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Old 09-05-2019, 02:48 PM
 
118 posts, read 597,208 times
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My gf's kid was diagnosed with ADHD and she would like to try a more natural approach before medicating him with drugs. Has anyone seen positive improvements with ADHD in their child using non-prescription remedies?
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Old 09-05-2019, 03:42 PM
 
Location: A Yankee in northeast TN
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I've not heard of any type of OTC med that would help with ADHD, but we were shown some techniques to use with my son to help him handle some aspects of the ADD better.
https://www.understood.org/en/learni...-focus-in-kids
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Old 09-05-2019, 06:56 PM
 
Location: Texas from Maryland
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Some people try removing gluten from person's diet. Breathing techniques. Search for a holistic dietitian and see if diet change or other things could work.
I have had ADD all my life and as a child I never did good on medication. Learning to manage the disability without depending on meds is often better.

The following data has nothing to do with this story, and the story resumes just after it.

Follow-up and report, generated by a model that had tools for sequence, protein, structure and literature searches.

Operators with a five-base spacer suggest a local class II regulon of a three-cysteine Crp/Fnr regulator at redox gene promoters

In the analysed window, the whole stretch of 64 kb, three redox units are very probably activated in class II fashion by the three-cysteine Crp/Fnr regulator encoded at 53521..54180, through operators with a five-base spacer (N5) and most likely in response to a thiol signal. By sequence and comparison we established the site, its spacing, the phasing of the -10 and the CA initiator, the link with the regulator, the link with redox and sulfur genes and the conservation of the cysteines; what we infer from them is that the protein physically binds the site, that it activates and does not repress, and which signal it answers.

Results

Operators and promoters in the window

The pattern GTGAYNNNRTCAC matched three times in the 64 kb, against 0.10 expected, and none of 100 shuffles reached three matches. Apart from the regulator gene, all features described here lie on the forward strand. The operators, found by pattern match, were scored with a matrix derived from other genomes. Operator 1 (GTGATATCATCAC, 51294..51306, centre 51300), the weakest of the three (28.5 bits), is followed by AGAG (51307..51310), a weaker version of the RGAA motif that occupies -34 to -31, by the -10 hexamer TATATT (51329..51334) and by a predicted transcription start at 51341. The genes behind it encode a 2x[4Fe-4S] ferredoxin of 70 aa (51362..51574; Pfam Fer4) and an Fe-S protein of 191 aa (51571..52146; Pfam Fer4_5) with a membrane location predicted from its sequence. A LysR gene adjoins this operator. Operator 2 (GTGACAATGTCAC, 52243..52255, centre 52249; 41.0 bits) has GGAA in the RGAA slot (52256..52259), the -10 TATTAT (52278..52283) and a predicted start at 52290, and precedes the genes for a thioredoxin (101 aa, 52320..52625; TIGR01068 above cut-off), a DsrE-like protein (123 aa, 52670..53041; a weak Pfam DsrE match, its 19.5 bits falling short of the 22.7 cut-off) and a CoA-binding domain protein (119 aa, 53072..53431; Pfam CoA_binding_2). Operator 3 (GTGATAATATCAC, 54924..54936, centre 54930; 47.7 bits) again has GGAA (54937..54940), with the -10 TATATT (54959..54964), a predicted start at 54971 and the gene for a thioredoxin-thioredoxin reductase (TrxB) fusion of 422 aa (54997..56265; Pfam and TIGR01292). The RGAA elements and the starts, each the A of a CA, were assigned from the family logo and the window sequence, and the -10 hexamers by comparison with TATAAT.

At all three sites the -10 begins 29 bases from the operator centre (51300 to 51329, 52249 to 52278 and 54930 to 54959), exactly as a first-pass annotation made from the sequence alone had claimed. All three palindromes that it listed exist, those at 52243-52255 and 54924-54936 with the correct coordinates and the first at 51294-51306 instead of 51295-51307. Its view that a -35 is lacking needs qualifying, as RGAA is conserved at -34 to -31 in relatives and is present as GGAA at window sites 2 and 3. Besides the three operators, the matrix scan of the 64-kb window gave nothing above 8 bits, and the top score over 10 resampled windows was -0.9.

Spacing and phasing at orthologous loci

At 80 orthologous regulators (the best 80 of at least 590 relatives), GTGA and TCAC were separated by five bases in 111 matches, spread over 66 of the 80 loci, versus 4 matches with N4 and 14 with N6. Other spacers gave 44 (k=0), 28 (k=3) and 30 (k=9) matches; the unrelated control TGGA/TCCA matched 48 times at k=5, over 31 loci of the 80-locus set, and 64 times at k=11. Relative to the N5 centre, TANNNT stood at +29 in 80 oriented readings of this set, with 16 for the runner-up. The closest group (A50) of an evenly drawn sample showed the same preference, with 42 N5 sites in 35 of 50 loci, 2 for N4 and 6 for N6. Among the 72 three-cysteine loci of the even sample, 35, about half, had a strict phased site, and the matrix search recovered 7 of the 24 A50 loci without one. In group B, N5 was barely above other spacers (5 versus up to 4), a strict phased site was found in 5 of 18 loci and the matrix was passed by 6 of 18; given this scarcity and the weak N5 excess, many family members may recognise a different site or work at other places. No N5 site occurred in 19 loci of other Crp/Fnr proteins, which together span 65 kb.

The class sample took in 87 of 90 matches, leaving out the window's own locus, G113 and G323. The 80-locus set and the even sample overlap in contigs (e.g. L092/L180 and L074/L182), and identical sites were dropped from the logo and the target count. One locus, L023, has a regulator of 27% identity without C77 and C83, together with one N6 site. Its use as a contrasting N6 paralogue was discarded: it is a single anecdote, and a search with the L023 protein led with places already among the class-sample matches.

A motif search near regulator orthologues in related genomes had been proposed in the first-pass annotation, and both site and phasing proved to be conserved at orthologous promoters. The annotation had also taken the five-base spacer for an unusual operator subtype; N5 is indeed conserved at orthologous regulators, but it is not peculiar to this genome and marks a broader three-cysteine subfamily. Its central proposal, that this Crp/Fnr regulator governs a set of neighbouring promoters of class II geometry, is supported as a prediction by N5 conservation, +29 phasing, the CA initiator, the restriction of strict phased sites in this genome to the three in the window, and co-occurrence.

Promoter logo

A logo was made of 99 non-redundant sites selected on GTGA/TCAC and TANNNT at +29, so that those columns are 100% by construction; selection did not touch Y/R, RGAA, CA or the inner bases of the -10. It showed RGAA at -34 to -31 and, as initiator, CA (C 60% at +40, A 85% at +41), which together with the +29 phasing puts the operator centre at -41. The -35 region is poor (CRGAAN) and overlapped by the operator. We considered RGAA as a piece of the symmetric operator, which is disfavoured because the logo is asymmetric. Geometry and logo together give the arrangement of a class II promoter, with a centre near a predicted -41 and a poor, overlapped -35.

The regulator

What does the child's school for to assist? Special class size? Extra time on tests?
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Old 09-06-2019, 06:53 AM
 
Location: Where rhotic consonants are either absent or intrusive
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Diet, high EPA fish oil, aromatherapy... I guess it helped a *little*. But as she got older, it became apparent that it just wasn’t helping with the big issues, like inattention and impulsively.
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Old 09-06-2019, 07:24 AM
 
Location: Northern Virginia
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I have not dealt with this personally, but friends have said that changing their kid's diets have helped. However they said it was not a complete "fix". Eliminating dyes (red dye was a key one), gluten and other things. In most cases, it was just a complement to additional treatments.
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Old 09-06-2019, 08:47 AM
 
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My youngest son took Ritalin growing up, and it helped tremendously, as far as improving his grades, concentration etc. However, he never liked taking it. (He told me this as an adult.) He did a little research, and decided to start taking Gingko biloba supplements. You can google Gingko Biloba and ADD and see what it says.


My son thought it was helpful. Now...he doesn't take anything I don't think.
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Old 09-06-2019, 11:31 AM
 
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There is none. Please don't encourage her to torture her child with food restrictions, or to endanger him with "supplements", which are all untested, and unapproved. If the child's ADD/ADHD is interfering with school and life-functioning, they should see their pediatrician or a child psychiatrist, and follow the doctor's recommendations.